Canberra Day is observed on the second Monday of March to commemorate the designation of the city on March 12, 1913. People from the Australian Capital Territory to Jervis Bay Territory celebrate this public holiday. Before the city’s establishment day, a two-week-long celebration is taking place. Throughout the month, numerous events related to the day are held, including an award ceremony, a hot air balloon carnival, and fundraisers.
The background of Canberra Day
Canberra is the capital of Australia and the country’s largest inland city. Numerous distant characteristics, such as planned townships, an open skyline, mountainous terrain, and year-round agreeable weather, distinguish it from the rest of the nation.
Indigenous people have inhabited Canberra’s prairies and valleys for over 21,000 years. Canberra’s etymology can be traced back to the indigenous word Kamberri, which was in use before Europeans discovered the continent.
During the early decades of colonisation, the landlocked region of the territory received little attention. Throughout the 19th century, Europeans continued to establish their strongholds, driving the majority of indigenous people out of the city. The efforts of notable settlers such as the Murray and Gibbes families elevated the city to national prominence.
The designation of Canberra as the capital of Australia was finalised after much debate, as Sydney and Melbourne appeared to be more developed and prepared to host the government seat. The issue was resolved, however, by the constitutional mandate of section 125, which states that the capital must be located in the state of New South Wales. The eager passage of the Government Seat Act in 1908 altered the trajectory of Canberra’s history.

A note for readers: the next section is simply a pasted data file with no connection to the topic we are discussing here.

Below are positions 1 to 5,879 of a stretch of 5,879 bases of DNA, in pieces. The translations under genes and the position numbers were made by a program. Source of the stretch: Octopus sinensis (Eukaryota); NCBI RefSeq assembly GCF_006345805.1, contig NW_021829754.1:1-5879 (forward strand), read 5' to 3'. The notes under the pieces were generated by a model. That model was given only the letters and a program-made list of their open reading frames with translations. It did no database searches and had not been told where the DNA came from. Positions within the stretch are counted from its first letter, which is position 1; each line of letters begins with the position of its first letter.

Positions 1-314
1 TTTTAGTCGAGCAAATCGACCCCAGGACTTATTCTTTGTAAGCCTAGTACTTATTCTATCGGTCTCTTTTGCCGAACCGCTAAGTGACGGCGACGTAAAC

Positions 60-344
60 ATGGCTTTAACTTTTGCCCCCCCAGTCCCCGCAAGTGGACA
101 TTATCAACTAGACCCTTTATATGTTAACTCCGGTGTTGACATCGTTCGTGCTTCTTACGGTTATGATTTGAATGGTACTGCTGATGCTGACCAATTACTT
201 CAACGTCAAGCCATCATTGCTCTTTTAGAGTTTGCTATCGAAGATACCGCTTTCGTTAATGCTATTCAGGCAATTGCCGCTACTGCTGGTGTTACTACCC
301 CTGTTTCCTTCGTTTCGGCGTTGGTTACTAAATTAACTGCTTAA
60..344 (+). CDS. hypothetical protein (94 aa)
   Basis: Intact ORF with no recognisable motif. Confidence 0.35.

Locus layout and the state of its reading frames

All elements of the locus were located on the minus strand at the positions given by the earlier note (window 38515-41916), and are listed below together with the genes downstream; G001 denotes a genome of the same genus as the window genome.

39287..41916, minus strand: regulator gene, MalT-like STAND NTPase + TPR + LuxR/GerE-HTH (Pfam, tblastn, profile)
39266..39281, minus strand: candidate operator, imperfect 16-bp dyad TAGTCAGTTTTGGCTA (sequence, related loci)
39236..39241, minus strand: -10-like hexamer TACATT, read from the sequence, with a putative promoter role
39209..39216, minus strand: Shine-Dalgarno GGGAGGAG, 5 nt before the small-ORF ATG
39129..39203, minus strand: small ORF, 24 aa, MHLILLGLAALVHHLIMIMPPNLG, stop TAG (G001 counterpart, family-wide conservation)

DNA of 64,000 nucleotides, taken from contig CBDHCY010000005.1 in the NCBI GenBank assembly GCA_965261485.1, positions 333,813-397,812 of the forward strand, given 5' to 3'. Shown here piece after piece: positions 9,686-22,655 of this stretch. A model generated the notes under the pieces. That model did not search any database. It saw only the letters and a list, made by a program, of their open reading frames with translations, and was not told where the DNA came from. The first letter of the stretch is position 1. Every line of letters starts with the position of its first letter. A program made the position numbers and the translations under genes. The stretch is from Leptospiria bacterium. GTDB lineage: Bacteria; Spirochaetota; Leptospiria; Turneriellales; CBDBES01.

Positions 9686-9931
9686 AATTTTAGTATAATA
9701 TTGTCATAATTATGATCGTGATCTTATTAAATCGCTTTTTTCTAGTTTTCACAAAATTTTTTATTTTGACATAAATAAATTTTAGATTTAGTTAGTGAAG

Lady Gertrude Mary Denman, wife of then-Governor-General Lord Denman, proclaimed the city’s official name on March 12, 1913: “I name the capital of Australia, Canberra.” Since then, the third Monday of March has been observed as a celebration of Canberra’s greatness. In 2007 the date was changed from the third Monday of March to the second in order to be closer to its original date of March 12.
CANBERRA DAY ACTIVITIES
Investigate the metropolis of Canberra.
Start the day at the National Gallery of Australia, spend the afternoon rowing on Lake Burley Griffin, move to the sombre embrace of the Australian War Memorial, and close the day at some of the country’s finest dining establishments.
Prepare a brunch
Is there anything that can surpass luncheon in March? Certainly, a brunch will be served on Canberra Day, a federal holiday. Take your family and friends out for brunch, as the menu calls for unlimited mimosas, smoked salmon, the perfect egg salad, and an extra-large slice of carrot cake.
Enjoy the Balloon Spectacular in Canberra
Annually hosted in March, the Canberra Balloon Spectacular is a festival of hot air balloons. Over the course of two weeks, over fifty hot air balloons are launched into the heavens. The celebration coincides perfectly with Canberra Day, as it brings joy to the city and draws thousands of spectators from across the nation.
5 essential facts about Canberra
32% of Canberra’s resident population was born overseas, making it one of Australia’s most diverse cities.
Some of Australia’s finest distilleries, breweries, and wineries are located in Canberra.
In the streets of Canberra, bicycles outnumber automobiles, clearing the way and reducing carbon emissions.
The majority of Canberra’s districts are named after former Prime Ministers, demonstrating the city’s political leanings.
Despite its reputation as a “boring metropolis filled with lobbyists and politicians,” Canberra is one of Australia’s most popular tourist destinations.
CANBERRA DAY DATES